The diplomatic significance of Mike Pompeo’s visit to Israel must be that the US Secretary of State has broken the hiatus in the midst of the worldwide coronavirus pandemic. It was basically an attempt to gauge the new government’s commitment to a US-backed plan to annex large parts of the Palestinian territories, historically the critical point of contestation for as long as it has been.

The timeframe was limited and the formalities exceptional. The visit lasted just a few hours, and the small US team was afforded exemptions from strict coronavirus restrictions in Israel that require any arrivals to self-isolate for two weeks.

Mr Pompeo met Benjamin Netanyahu, the Israeli Prime Minister, and Benny Gantz, the former head of the opposition who will soon join Netanyahu in a unity government. Reports from Jerusalem suggest that Pompeo has advised the Israeli leaders not to rush ahead with the annexation agenda.

Questions are bound to arise both in the Middle East and in the United States that if the annexation is not so terribly compelling in the midst of a devastating health emergency, then why was the trip, that lasted only for a few hours, undertaken at all.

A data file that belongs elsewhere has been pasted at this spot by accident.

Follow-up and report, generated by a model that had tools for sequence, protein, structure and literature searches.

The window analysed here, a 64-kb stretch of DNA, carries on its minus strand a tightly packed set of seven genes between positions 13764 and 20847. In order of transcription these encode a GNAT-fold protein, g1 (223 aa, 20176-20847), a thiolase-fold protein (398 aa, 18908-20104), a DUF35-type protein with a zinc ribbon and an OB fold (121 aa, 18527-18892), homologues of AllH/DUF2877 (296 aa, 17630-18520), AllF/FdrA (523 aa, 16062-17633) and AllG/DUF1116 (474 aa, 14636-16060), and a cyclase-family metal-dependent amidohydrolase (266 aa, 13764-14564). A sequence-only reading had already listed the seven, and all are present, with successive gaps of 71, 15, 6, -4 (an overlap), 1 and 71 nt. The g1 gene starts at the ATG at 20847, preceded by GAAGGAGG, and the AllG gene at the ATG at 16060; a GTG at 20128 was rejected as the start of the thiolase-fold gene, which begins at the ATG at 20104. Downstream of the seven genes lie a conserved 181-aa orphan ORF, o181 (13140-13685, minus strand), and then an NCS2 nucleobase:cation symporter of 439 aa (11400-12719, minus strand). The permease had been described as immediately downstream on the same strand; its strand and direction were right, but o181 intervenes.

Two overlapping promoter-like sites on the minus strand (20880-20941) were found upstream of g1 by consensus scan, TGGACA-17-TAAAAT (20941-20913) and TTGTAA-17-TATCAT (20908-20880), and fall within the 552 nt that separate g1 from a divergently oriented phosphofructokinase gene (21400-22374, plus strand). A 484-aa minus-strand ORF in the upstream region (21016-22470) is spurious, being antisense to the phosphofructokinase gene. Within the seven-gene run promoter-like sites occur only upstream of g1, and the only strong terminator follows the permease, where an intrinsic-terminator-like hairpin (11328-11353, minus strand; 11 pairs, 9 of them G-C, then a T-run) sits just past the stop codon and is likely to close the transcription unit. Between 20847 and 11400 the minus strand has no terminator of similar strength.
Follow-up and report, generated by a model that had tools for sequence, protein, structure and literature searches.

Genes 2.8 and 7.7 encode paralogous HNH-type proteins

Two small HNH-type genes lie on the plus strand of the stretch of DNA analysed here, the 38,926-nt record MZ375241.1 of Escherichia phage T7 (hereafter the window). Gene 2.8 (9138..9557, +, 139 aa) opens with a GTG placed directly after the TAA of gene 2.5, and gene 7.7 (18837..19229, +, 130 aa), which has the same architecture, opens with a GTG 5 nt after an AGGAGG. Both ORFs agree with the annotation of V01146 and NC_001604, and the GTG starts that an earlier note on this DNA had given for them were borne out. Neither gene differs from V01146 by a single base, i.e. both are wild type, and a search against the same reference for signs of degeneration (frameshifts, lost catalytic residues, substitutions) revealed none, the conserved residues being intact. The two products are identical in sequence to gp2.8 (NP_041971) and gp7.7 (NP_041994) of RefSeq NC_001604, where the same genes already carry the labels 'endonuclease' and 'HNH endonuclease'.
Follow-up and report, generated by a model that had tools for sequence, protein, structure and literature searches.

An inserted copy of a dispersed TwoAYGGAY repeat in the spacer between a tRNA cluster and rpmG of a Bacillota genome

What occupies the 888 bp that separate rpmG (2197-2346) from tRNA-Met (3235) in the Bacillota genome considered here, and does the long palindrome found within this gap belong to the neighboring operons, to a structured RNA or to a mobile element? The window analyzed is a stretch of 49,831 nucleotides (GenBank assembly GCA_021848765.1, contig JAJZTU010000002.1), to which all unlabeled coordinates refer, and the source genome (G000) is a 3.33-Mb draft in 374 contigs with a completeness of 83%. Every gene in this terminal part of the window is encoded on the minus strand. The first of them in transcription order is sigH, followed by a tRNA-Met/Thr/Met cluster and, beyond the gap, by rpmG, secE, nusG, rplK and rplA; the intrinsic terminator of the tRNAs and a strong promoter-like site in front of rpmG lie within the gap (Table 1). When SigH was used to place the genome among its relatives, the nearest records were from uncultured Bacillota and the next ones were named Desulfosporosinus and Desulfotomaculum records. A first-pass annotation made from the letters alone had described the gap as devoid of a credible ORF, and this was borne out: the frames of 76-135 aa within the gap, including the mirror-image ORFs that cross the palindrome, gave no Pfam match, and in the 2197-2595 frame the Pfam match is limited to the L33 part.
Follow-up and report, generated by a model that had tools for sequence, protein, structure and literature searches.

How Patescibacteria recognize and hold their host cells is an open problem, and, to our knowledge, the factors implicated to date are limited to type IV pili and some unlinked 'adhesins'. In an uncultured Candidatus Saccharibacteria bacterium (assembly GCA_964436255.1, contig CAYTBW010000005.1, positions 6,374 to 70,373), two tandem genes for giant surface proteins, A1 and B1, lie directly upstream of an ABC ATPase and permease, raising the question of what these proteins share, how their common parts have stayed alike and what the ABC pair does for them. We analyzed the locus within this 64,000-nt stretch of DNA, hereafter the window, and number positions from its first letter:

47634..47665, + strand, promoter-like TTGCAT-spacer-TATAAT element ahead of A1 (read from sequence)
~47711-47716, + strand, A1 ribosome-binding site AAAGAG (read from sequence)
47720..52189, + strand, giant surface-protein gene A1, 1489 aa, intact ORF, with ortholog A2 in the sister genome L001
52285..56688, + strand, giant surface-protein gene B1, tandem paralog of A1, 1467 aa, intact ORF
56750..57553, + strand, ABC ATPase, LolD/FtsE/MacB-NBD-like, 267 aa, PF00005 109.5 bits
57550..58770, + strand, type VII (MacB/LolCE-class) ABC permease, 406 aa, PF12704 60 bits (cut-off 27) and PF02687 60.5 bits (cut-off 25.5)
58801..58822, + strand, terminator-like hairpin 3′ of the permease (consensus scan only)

Washington has been less than explicit on why such a visit was necessary, announcing the trip in a oneparagraph statement that gave no hint of any urgent agenda. It said the leaders of both sides would discuss “US and Israeli efforts to fight the Covid-19 pandemic, as well as regional security issues related to Iran’s malign influence”.

It was a fairly loaded agenda, but given “just a few hours” even a rapid-fire survey was improbable. The “high-speed mid-pandemic” trip, as Daniel Shapiro, a former US ambassador to Israel, described it, was also seen as an attempt by the US to convince its ally of what Pompeo has described as the “risks” of doing business with China.

The US annexation plan, pre-emptively rejected by Palestinian leaders who refuse to negotiate under its terms, gives Israel full military control over Palestinians, much of their land and all of Jerusalem and Israeli settlements. Washington has said Israel can implement parts of the plan without involvement from the Palestinians.

The ferment in the Middle East, most critically in the Gaza Strip, is bound to intensify. It is pretty obvious that the trip was intended to coordinate the annexation, which President Trump sees as an electoral boon if it can be pulled off before the US election in November.

For Trump’s evangelical and rightwing Jewish base, Israeli annexation is emotively popular. Yet it would be presumptuous to speculate that it could translate to crafting the obituary of the “dying two-state solution”.